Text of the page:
Ten days after Raymond Davis was released from a Pakistani prison and hurriedly put on a charter flight out of the country, street protests still continue against the government and the PML-N party for allowing this to happen.
On the face of it, the most important role in the release seems to have been played by the provincial Punjab government run by the opposition PML-N party. The release of Davis was first announced by the Rana Sanaullah, the provincial law minister. Sanaullah is considered close to opposition leader and PML-N chief Nawaz Sharif. He is understood to have played an important role behind the scenes.
Religious parties now want Sanaullah's head. Earlier they were clamouring for Raymond Davis to be hanged. At the same time they are silent on two key points that related to the release of Davis. One is the controversial Qisas and Diyat laws under which by paying blood money Davis was let off and the other is the role played by the Inter-Services Intelligence (ISI) in making the seemingly impossible task possible.
"The politicians are taking the blame but if you ask anyone close to the whole release process, it is clear that the ISI played an important role in making it happen," says analyst Aisha Siddiqa, who adds "the message to the US is simple: if you want something done in Pakistan, it's the ISI you have to contact."It is ironic in some ways that while on the one hand the military was seen as the biggest obstacle in the release of Davis - because the two men he killed were ISI operatives - yet at the end of the day it was army that brokered the deal to have him freed.
For the government, every day was a challenge as Raymond Davis was behind bars. At home, people were afraid of a sell out. But President Zardari and his team knew that a compromise had to be reached given the dependence Pakistan has on the US for its finances and also the key role Washington is playing in Pakistan's war against terror.
The government was also fearful that if US backing was stopped, there could be political consequences for it. Possibly the lure of political brownie points got the army into the act. The ISI came into the act a week before Davis was released. Journalist Asad Kharal details how the ground was set to facilitate the release.
Kharal says that in late February the ISI started collecting details of the family members of the two victims. Pressure was the put on the family members to accept the payment that would be made to them.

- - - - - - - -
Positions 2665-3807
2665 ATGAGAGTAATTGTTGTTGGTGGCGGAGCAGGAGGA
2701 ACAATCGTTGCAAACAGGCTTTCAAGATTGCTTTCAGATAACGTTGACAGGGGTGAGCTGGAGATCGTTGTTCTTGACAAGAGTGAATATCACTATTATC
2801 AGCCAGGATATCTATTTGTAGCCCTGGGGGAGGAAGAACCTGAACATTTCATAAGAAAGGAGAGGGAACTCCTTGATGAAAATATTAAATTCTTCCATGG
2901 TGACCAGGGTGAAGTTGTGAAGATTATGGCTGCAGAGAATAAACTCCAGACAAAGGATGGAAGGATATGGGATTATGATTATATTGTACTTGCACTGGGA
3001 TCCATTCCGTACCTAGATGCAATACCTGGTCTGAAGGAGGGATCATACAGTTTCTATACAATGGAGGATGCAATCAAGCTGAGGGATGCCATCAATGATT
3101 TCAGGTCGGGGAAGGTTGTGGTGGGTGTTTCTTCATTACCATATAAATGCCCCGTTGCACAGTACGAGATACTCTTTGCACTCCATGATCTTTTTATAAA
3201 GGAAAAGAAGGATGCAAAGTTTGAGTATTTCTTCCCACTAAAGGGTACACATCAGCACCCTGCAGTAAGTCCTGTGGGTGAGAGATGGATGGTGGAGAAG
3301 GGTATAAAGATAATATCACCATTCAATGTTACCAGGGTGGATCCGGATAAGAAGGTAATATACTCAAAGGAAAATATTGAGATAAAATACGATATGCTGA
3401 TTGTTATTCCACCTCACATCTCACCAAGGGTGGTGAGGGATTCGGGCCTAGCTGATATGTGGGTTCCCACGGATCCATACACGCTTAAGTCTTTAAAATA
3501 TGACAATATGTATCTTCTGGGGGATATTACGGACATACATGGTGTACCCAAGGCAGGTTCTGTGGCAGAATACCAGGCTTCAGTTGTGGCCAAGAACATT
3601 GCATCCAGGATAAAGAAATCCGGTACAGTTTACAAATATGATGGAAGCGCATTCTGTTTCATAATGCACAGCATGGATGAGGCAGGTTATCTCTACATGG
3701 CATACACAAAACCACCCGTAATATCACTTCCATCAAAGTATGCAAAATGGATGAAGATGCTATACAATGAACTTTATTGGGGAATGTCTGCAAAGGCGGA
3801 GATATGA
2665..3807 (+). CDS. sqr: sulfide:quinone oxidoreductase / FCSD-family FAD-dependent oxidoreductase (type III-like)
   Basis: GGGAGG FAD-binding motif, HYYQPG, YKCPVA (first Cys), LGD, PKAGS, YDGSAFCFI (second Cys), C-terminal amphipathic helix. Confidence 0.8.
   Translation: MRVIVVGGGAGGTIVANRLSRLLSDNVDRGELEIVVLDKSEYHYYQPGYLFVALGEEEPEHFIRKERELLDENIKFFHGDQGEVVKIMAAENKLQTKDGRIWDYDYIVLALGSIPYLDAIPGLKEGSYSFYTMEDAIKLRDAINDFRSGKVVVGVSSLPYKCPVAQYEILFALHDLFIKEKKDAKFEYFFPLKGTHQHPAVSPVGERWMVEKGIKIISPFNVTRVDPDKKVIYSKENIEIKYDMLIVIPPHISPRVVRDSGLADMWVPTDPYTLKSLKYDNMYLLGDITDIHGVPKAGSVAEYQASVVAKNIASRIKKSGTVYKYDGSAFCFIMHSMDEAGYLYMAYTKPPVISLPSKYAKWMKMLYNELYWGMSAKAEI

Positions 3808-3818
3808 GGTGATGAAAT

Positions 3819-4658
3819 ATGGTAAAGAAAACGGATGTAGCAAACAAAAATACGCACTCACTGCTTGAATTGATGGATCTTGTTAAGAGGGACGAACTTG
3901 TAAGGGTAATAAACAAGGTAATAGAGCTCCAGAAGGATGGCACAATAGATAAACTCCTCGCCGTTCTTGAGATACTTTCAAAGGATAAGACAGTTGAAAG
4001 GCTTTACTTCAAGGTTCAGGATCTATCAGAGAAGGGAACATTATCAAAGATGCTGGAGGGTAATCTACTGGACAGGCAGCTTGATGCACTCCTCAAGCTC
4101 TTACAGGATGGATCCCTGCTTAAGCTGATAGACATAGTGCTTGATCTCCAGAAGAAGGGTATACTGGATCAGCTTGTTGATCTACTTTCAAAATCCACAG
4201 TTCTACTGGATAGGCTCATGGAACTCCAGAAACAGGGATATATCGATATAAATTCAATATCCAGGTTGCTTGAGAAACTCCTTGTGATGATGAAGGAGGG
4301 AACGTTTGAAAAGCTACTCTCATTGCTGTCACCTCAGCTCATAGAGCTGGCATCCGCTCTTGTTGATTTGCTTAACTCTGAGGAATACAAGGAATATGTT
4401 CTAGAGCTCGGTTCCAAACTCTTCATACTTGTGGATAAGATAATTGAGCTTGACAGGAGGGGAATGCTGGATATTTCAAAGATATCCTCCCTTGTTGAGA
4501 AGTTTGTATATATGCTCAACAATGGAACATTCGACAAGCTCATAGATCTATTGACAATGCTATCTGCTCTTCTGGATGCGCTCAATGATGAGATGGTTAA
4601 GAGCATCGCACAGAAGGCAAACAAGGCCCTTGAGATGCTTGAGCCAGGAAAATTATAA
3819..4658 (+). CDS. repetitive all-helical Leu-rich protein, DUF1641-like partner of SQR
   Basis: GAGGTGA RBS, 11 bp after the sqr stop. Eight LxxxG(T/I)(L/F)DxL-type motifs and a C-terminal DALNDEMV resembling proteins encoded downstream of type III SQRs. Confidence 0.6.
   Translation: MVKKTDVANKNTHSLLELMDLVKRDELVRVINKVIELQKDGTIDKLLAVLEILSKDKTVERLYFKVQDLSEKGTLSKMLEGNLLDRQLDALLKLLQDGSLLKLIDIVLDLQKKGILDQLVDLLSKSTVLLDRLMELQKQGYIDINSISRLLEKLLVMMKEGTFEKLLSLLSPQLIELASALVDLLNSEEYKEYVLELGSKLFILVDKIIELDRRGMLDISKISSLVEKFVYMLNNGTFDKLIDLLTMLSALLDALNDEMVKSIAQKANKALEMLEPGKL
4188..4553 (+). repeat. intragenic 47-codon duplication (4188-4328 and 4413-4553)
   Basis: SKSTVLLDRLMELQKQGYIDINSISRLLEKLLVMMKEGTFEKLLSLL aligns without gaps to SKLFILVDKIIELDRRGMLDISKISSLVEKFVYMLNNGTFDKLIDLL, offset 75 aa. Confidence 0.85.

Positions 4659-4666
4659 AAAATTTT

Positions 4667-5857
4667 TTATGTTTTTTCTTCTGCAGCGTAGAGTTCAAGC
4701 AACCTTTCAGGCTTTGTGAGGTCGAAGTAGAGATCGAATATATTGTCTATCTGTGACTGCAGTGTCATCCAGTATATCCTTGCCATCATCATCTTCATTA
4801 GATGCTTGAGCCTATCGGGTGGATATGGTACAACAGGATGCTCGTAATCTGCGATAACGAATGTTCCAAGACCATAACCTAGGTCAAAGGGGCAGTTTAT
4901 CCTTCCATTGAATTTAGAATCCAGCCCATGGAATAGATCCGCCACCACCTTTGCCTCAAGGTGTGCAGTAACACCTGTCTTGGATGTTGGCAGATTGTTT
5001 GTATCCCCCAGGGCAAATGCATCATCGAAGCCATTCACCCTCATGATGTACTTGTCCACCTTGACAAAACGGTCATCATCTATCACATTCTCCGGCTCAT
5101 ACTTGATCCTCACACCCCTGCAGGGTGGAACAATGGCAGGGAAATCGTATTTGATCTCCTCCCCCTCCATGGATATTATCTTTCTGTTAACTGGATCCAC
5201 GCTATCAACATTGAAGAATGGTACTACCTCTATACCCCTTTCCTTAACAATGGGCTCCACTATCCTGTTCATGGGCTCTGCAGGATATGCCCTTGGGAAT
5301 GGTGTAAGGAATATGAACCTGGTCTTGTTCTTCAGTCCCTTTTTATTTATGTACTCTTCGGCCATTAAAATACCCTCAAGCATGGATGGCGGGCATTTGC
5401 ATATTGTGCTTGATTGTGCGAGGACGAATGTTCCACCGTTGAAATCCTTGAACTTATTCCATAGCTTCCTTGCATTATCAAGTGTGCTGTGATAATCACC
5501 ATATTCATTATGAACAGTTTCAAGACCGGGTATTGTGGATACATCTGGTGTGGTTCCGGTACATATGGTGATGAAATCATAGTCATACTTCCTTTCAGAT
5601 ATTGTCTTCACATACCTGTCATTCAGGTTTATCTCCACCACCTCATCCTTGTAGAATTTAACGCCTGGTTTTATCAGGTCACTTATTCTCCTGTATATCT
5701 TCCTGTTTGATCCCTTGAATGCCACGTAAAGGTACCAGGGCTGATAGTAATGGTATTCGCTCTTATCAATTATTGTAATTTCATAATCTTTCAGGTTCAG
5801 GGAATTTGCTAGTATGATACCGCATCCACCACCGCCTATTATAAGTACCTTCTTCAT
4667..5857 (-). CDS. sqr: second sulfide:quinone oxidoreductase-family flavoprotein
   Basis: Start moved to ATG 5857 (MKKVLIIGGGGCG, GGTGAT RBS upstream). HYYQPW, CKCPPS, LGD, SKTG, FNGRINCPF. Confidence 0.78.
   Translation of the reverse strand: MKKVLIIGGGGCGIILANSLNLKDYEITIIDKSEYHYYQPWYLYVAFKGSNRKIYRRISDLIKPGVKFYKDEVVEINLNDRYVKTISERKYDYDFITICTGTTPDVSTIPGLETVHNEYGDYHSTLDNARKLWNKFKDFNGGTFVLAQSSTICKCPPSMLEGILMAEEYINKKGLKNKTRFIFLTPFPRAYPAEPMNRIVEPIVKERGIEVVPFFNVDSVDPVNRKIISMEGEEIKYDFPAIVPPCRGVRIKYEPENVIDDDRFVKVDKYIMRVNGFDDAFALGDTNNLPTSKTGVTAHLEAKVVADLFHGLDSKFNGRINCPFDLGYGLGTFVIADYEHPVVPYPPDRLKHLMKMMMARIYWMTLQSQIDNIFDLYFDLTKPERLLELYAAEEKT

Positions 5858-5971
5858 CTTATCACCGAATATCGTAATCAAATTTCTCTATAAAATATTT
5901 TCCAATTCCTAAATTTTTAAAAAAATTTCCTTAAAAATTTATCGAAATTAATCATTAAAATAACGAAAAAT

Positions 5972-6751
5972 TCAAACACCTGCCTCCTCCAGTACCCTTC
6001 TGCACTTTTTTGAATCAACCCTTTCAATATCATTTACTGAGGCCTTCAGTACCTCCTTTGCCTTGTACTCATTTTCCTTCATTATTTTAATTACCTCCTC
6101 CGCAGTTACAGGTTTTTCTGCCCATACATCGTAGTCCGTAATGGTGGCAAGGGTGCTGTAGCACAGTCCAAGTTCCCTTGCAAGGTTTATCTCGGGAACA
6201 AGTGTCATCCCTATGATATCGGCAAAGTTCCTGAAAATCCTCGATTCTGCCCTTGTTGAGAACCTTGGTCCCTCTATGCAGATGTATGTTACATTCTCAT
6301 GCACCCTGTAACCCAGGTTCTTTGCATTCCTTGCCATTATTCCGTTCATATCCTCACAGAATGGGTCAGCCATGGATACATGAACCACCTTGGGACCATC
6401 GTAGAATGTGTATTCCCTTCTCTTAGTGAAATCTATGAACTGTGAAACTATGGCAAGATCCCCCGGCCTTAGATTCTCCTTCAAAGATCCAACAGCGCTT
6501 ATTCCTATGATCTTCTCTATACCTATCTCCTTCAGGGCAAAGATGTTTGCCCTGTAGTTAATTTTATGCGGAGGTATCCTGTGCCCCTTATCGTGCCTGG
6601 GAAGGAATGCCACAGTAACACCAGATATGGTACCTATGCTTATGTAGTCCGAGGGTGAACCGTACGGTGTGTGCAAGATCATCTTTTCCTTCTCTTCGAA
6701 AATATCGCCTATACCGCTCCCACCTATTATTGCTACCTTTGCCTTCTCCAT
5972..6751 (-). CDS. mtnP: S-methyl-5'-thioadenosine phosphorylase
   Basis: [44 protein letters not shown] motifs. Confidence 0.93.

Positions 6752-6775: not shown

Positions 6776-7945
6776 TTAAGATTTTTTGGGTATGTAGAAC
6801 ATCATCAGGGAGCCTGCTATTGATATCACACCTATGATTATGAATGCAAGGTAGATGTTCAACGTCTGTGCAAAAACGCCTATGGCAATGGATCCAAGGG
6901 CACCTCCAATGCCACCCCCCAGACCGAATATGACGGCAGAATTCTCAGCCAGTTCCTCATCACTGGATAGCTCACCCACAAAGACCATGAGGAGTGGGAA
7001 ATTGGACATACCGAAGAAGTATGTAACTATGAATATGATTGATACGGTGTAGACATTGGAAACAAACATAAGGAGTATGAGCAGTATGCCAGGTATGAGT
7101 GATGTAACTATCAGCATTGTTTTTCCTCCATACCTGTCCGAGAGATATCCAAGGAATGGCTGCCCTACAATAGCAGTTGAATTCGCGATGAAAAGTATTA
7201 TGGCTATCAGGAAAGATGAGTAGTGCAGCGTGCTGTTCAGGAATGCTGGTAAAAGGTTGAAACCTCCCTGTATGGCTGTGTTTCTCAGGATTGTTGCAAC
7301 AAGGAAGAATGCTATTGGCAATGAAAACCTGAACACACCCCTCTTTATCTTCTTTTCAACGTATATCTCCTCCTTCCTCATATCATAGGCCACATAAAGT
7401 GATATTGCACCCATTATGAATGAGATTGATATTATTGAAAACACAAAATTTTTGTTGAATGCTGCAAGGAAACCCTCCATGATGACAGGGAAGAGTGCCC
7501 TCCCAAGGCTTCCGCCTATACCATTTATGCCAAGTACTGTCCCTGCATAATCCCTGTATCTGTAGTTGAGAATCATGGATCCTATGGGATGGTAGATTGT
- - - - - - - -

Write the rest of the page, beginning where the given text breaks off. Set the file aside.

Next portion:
Two days before the release of Davis, the two parties that were championing the cause of the victims went quiet. Supporters of Jamaat-ud Dawah and the Jamaat-e-Islami, both extremist right wing organisations, mysteriously disappeared from the streets where these families lived.
Till then they claimed they were there to ensure the safety.
But it was not only the families that left. PML-N leader Nawaz Sharif who had earlier assured US Senator John Kerry that he would ensure the release of Davis, silently left the country and soon after was followed by his brother, Punjab chief minister Shahbaz Sharif on the grounds that Nawaz Sharif was having heart trouble.
Their absence meant distancing themselves from the embarrassment of the saga, given their party's right wing credentials.
The ISI also changed the lawyer of the victims' families and then ferreted them out of the country - believed to be the UAE, as once Davis was released a petition was filed in the courts to find out where the missing family members were. If they remained in Pakistan, the ISI would have had to face legal complications.
Now, while religious parties question the method of the application of the Diyat law, no one is questioning the law itself.
When the law was passed in 1997 during the prime ministership of Nawaz Sharif, critics had said that the law privatised a crime like homicide and devolved the responsibility of punishing the killer to the next of kin of the victim.
In the meantime, the ISI planted stories in the media that the deal had been brokered by it and the CIA. In return, its officials privately told newsmen, the CIA had assured it would take Pakistan into confidence on the drone attacks and also identify its operatives in the field. The ISI also claimed it would secure more funding for Pakistan under the new deal with the CIA.
None of this happened. This myth was shattered the next day when the US conducted a drone strike in North Waziristan which led to the death of 38 persons - the highest casualty figure in many years.
Now both the government and the ISI is licking its wounds. At the same time, the Pakistan Tehreek-e-Insaf party has capitalised on the release of Davis and held protests in all major cities of Pakistan. Party leader Imran Khan is enjoying a spurt in popularity because of his anti-America rhetoric.
Religious parties have also become more active and anti-American sentiments are at an all time high. The two parties that played a role in the release - the ruling Pakistan Peoples Party and the opposition PML-N, are understandably silent.
But other officials who were casualties in the affair have also lost out - this include former foreign affairs minister Shah Mehmood Qureshi whose ill-timed speech against Davis and the government has not earned him any new supporters.
In long term Pakistan-US relations, the Raymond Davis affair may be forgotten. But for mandarins at Pakistan's foreign office, the key point to remember, they say, is that on foreign policy issues, it is the ISI and not the government which eventually calls the shots.
This lesson was reinforced in the Raymond Davis affair.